Before we could head home on the night pass, we had to go over some important IMG_0400information about Emily and her health – including who to contact should we have any questions while she was home for the night – and figure out how to actually use the car seat we purchased. Like all new parents, the car seat situation is a serious right of passage! Truth be told though, between our entire NICU experience and the night passes, we had a really great transition into parenthood for that first night at home, so having the car seat be our most difficult experience outside of her health issues, we know we’ve got it pretty easy. (Side note: sure, we felt like part time parents for literally Emily’s first 3 weeks alive, but the whole hospital experience helped ease us into having her eventually home. Most parents get either a few hours or days at hospital, we were lucky in that we had an entire medical team at our disposal for any questions baby related, not just baby health related. End of aside).


Once we got our night pass and medication for Emily, we headed home.

Sitting next to her in that back seat was the best ugly cry I’ve ever had! Once home, Jody built Emily’s bassinet while I showed her around the house, then snuggled up on the couch. She slept like a dream that night (and continues to do so!) and we woke her up on the 3 hour mark, as instructed by the medical staff to both administer her reflux medication and provide her with her fortified breast milk feed.



The next day, we got her dressed and headed back to CHEO for her to get checked out, weighed, and put back on the monitor system for her vitals. We didn’t mind so much as we ended up doing at the hospital pretty much exactly what we would (and do!) do at home: read and nap. I missed being at home, just because we really wanted to establish a proper routine for Emily, but also because I felt like I wasn’t being productive. Jody and I still felt like we were in limbo with Emily and home; especially since by the time we’d get home we’d be ready for her routine and not be in a position to make food or do laundry or any other household chores. The most difficult part though – the day we thought for sure we were going home, only to be told that they wanted us to stay in hospital for one more day. We still didn’t understand why we couldn’t continue to fortify and have her weight monitored by her pediatrician … but what was one more day as long as we still got to take her home at night.IMG_0414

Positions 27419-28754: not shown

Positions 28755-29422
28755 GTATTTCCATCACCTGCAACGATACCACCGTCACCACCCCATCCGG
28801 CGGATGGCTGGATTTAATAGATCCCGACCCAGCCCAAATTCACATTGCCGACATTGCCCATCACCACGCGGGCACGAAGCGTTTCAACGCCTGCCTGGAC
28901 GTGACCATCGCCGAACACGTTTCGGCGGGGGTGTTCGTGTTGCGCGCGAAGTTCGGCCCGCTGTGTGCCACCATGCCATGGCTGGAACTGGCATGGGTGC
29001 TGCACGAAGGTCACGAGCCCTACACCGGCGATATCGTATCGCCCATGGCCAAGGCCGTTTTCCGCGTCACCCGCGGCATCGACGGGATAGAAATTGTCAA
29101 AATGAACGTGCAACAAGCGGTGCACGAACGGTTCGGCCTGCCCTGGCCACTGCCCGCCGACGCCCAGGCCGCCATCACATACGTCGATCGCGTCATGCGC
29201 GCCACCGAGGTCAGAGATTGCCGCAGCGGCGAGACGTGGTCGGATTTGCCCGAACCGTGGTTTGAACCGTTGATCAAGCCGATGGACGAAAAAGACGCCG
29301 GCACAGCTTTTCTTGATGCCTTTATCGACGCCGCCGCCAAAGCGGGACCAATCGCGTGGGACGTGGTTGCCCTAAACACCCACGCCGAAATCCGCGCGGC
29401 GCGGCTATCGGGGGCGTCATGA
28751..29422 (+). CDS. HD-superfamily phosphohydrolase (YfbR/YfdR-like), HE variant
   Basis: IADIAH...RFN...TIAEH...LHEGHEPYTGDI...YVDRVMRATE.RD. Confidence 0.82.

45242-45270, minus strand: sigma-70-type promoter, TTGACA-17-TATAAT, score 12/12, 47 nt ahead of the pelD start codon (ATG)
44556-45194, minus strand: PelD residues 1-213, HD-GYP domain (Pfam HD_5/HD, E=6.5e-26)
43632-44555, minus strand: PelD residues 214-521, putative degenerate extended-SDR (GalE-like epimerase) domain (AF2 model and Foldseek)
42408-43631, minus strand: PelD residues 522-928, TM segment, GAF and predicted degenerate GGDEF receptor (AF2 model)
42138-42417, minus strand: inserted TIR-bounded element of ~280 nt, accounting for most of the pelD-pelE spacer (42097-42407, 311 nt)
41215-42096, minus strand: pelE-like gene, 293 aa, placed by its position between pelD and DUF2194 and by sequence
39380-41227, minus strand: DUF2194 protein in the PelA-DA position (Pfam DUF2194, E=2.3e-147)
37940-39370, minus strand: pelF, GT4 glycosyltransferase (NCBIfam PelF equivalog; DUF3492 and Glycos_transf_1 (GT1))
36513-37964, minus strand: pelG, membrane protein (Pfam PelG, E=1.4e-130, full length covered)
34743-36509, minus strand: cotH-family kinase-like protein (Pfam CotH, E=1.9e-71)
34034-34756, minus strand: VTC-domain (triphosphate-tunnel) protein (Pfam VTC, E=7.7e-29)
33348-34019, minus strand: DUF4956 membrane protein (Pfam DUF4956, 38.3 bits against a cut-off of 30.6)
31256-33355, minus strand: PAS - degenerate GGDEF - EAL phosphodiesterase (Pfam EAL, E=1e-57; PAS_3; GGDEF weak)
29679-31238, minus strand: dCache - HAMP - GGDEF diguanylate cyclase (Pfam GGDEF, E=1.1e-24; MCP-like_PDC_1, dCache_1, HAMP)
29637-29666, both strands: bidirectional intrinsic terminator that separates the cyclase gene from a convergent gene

Finally, on Wednesday March 23 – just in time for Easter and on her 24th day in hospital – we were discharged from CHEOIMG_0433 for good! We now have Emily home with us always, continue to take her to her scheduled pediatric appointments and have a dedicated ‘rapid response nurse’ for the next month. The purpose of the rapid response nurse is to further the transition to home and she comes in as needed, up to 3 times in 30 days and is available 24/7 for us to call as needed for all things Emily!


IMG_0471Just because Emily is home, doesn’t mean that we are going to stop updating our blog as Emily still has a little way to go to be 100%. On the day before her surgery, Emily’s heart ultrasound revealed that she has a perimembranous ventricular septal defect – also known as a VSD. Her VSD is of moderate to large in size and it was not diagnosed in either of her two in utero heart ultrasounds, however its presence did not hinder her omphalocele corrective surgery. We met with her dedicated CHEO cardiologist, Dr. Lai, who advised that the VSD will be monitored and followed up on by their team directly. We have an appointment with the Cardiologoy department at the end of April for another ultrasound and an EKG, to determine if it’s closed itself or needs assistance for closure. Many babies born with this defect of the heart grow out of it, thanks in large part to weight gain, and if not can obtain closure with the help of medication or surgery. Fun fact: Emily’s VSD was a source of wonder for the residents and student nurses she met at CHEO, who were amazed at her very distinct heart murmur.

We also want this blog to showcase Emily’s many adventures as she continues to grow and be all sorts of amazing, so, until the next time … !